Miriam Toews took home $25,000 last night when the Rogers Writers’ Trust Fiction Prize became the first of Canada’s three major fiction prizes to declare its winner. The outcome was widely expected. Toews’ bestselling novel, All My Puny Sorrows, is the only title to appear on more than one award short list, and a second win at the Scotiabank Giller gala on Nov. 10 wouldn’t startle anyone—except possibly Toews, who was surprised enough by this one to have no prepared remarks when she reached the stage. She later explained that uncertainty is simply “the inherent nature of writers; you just don’t know how people will respond to what you’ve created.”
Nor does Toews, a writer who applies her exceptional comic gifts to palliate the harshest themes, actually need notes to hold a crowd in the palm of her hand. Her mother, “unfortunately,” couldn’t be there, Toews said, before pausing a beat. You could feel the crowd stiffen. The author has lost both her father and sister to suicide—the latter’s death is the genesis of All My Puny Sorrows—and it seemed for a moment that she had bad news about her mother’s health to communicate. But no, Toews continued, “She’s at a Raptors game; she got tickets at the last minute and it’s Oklahoma City and she’s a huge Kevin Durant fan and it was ‘Miriam, you don’t mind, do you . . .’ ” before the rest was drowned out in relieved laughter.
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It was an evening of exceptional addresses from the stage. Describing himself as “literally speechless,” Tyler Keevil, winner of the $10,000 Journey Prize for his short story “Sealskin,” cheerfully chatted with a charmed audience while searching his pockets for the list of names he wanted to thank. Patsy Aidana, publisher and widow of Matt Cohen, introduced Susan Musgrave, this year’s winner of the award—In Celebration of a Writing Life—by noting how Cohen, decades ago, had headed west in pursuit of Musgrave, and ended up being chased about Haida Gwaii by Musgrave’s gun-toting husband. The winner of the $20,000 prize then appeared to say, almost as an aside, that she knew Cohen had “come to ruin my marriage,” but she hadn’t known about the shotgun: “The things you learn about your own life.” Afterwards, the two women spent some time in a deep, amicable discussion backstage. Joan Thomas, winner of this year’s $25,000 mid-career Engel/Findley award and a current nominee for the Governor-General’s literary award for her novel The Opening Sky, delivered a notably gracious acceptance speech. Thomas mentioned not only the practical and financial difficulties writers face in the digital age, but more subtle struggles of an era when the public at large seems determined not to be aware of the future’s many looming challenges. Artists, she said, by their nature did not have the luxury of denial; instead, they faced the challenge of communicating with those who did.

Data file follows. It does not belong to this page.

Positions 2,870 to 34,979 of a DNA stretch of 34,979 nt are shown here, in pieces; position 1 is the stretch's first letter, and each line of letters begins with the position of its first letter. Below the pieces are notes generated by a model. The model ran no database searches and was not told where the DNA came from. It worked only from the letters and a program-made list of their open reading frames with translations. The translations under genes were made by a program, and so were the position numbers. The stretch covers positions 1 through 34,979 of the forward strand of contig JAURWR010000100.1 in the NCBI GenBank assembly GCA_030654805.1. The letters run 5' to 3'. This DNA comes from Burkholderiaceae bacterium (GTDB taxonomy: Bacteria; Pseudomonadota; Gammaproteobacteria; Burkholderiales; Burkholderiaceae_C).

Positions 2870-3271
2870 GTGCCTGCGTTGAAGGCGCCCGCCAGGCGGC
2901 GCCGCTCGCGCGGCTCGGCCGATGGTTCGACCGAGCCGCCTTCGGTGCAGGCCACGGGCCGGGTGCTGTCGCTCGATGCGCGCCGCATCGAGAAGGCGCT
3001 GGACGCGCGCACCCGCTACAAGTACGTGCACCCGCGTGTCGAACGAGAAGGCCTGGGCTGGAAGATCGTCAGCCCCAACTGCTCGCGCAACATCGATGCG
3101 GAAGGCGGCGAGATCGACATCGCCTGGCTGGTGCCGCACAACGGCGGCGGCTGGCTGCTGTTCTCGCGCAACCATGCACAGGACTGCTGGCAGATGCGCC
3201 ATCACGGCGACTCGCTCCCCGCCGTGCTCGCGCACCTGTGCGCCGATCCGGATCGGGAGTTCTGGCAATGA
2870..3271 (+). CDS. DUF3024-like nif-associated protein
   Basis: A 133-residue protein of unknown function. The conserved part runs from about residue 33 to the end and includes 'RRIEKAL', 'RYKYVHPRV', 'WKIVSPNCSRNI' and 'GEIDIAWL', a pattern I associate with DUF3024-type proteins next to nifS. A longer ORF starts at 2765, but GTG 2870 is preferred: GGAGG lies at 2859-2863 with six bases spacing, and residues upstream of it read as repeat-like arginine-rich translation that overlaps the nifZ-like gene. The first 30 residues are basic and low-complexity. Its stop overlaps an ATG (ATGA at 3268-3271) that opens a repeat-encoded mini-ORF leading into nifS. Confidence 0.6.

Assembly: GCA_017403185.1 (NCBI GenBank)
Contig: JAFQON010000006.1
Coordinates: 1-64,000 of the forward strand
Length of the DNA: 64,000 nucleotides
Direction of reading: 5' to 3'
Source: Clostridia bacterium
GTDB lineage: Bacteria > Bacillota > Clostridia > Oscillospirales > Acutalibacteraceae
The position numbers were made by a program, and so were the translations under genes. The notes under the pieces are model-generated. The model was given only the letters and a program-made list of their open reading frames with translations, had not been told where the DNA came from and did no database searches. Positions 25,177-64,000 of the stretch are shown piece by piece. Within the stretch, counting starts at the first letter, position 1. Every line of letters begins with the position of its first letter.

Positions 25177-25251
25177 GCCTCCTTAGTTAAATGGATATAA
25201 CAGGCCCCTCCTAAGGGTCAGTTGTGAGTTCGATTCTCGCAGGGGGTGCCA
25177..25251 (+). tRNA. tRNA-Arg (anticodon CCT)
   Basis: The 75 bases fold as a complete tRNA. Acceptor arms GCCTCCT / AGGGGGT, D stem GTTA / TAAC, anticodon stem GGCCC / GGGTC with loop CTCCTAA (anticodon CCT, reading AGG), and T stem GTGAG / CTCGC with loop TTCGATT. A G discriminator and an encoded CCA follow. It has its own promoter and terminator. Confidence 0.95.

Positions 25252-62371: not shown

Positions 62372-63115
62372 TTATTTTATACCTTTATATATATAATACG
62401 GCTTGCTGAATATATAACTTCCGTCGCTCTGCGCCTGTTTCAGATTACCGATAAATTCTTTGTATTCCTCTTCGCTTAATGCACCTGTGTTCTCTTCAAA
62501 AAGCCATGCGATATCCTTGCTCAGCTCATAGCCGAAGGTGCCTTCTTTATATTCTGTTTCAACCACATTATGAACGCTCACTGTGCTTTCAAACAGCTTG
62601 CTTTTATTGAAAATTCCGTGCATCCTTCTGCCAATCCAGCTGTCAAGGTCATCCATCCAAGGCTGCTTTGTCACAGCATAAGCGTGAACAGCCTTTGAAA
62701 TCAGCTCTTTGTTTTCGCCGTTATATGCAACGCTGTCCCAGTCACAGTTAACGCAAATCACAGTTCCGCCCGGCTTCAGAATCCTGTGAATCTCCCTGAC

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But the night belonged to Toews. Switching grace notes, she thanked her basketball-loving mother for “teaching me how to be brave,” and, tearfully, her late sister, “Marj, who’s witty and elegant and a loving spirit and never leaves me. She fought a lot of battles for me in the past and I hope that this book fights one for her.”